Jim Crow Museum Of Racist Memorabilia 'Aims To Teach Tolerance' (PICTURES)

Jim Crow Museum Of Racist Memorabilia 'Aims To Teach Tolerance' (PICTURES)

A museum which exhibits nothing but memorabilia spawned by racism, segregation, civil rights and anti-Black caricatures has opened its doors in Michigan, USA.

The Jim Crow Museum Of Racist Memorabilia features artefacts including “Mammy candles”, “Nellie fishing lures”, “Picaninny ashtrays”, “Sambo masks”, “Coon toys” and “Golliwog marbles”.

Founder and creator Dr David Pilgrim, Professor of Sociology at Ferris State University, has promoted his collection as a means of “using objects of intolerance to teach tolerance and promote social justice.”

Some of the ornaments on display at the museum

He explains: “I am a garbage collector, racist garbage. For three decades I have collected items that defame and belittle Africans and their American descendants. I collect this garbage because I believe, and know to be true, that items of intolerance can be used to teach tolerance.”

Dr Pilgrim says the most offensive item he has ever seen is a puzzle game called “Chopped Up Niggers”, an item not in his collection. He points out postcards and photographs of lynched Blacks still sell for around $400 each on eBay, adding: “I can afford to buy one, but I am not ready, not yet.”

Scroll down for a gallery of exhibits at the museum

While some of the museum objects are over one hundred years old, others are more recent, with some even referencing President Barack Obama.

A T-shirt referencing the election race reads “Any White Guy 2012”. Another shirt that says "Obama '08" is accompanied by a cartoon monkey holding a banana. A mouse pad shows robe-wearing Ku Klux Klan members chasing an Obama caricature above the words, "Run Obama Run."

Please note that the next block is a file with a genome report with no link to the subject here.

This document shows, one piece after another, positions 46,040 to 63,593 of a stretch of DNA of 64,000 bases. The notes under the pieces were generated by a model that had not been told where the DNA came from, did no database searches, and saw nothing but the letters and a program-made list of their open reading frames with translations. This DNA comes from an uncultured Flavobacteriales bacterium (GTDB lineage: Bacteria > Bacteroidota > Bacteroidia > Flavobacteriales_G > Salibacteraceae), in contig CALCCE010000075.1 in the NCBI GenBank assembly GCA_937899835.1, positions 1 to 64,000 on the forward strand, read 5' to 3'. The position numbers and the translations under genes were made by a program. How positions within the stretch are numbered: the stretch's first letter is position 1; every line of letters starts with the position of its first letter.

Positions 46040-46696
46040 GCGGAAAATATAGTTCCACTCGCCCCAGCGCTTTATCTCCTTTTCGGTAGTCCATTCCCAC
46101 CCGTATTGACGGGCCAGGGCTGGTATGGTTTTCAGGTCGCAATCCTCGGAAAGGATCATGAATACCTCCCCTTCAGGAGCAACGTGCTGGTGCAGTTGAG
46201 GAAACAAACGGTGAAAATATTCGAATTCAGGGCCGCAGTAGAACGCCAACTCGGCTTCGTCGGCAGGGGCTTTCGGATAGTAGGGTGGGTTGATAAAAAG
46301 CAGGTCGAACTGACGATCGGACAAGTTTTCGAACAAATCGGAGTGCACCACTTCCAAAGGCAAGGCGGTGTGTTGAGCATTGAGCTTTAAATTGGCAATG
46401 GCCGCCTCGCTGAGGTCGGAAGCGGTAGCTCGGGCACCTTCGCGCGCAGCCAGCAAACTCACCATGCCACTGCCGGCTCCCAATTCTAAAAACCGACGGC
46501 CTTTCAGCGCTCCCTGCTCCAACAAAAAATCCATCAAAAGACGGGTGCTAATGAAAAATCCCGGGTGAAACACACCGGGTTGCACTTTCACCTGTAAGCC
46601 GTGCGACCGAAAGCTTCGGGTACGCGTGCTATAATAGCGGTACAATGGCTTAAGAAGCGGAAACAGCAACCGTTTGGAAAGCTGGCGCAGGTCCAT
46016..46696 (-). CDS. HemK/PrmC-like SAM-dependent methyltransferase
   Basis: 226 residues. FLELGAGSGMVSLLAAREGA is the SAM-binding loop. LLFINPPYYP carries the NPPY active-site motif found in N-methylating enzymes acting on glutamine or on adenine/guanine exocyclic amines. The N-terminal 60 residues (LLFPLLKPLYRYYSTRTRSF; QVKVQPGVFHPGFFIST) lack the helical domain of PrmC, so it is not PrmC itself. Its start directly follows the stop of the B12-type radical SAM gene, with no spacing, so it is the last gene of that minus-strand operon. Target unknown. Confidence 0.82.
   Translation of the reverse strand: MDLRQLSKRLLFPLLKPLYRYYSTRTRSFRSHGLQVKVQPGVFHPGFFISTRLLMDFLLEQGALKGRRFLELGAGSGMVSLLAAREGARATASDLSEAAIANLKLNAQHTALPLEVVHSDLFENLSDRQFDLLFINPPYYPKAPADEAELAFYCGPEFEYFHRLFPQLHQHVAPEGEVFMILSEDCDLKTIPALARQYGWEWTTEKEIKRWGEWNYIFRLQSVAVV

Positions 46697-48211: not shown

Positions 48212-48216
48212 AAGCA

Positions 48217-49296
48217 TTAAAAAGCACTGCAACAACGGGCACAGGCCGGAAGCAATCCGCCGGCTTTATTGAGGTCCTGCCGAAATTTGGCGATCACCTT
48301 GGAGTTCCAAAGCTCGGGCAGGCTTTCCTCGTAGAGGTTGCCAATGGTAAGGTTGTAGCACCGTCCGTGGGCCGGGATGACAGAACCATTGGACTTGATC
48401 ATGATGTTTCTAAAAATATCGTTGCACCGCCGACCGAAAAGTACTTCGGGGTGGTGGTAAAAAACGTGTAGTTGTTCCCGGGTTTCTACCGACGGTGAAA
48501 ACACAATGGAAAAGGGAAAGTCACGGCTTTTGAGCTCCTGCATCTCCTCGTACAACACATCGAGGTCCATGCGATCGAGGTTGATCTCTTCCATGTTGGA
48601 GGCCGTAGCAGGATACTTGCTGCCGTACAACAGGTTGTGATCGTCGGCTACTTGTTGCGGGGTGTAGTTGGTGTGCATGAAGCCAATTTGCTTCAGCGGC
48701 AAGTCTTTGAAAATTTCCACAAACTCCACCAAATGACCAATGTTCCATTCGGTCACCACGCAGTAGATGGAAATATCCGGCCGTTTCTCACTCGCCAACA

Ferris State sophomore Nehemiah Israel told AP: "I was like, 'Wow. People still think this. This is crazy'."

Dr Pilgrim explains he was relieved to donate his collection to the university because he did not like having the items in his home.

He said: “I had small children. They would wander to the basement and look at ‘daddy's dolls’ - two mannequins dressed in full Ku Klux Klan regalia. They played with the racist target games. One of them, I do not know which, broke a ‘Tom’ cookie jar. I was angry for two days. The irony is not lost to me.”

“The mission of the Jim Crow Museum is straightforward: use items of intolerance to teach tolerance. We examine the historical patterns of race relations and the origins and consequences of racist depictions.

Much of the items in the museum are over one hundred years old

“The aim is to engage visitors in open and honest dialogues about this country's racial history. We are not afraid to talk about race and racism. I continue to deliver public presentations at high schools and colleges. Race relations suffer when discussions of race and racism are verboten.

“The Jim Crow Museum is founded on the belief that open, honest, even painful discussions about race are necessary to avoid yesterday's mistakes.

“Our goal is not to shock visitors. A thick naiveté about America's past permeates this country. Many Americans understand historical racism mainly as a general abstraction: Racism existed; it was bad, though probably not as bad as blacks and other minorities claim.

“A confrontation with the visual evidence of racism - especially thousands of items in a small room - is frequently shocking, even painful."


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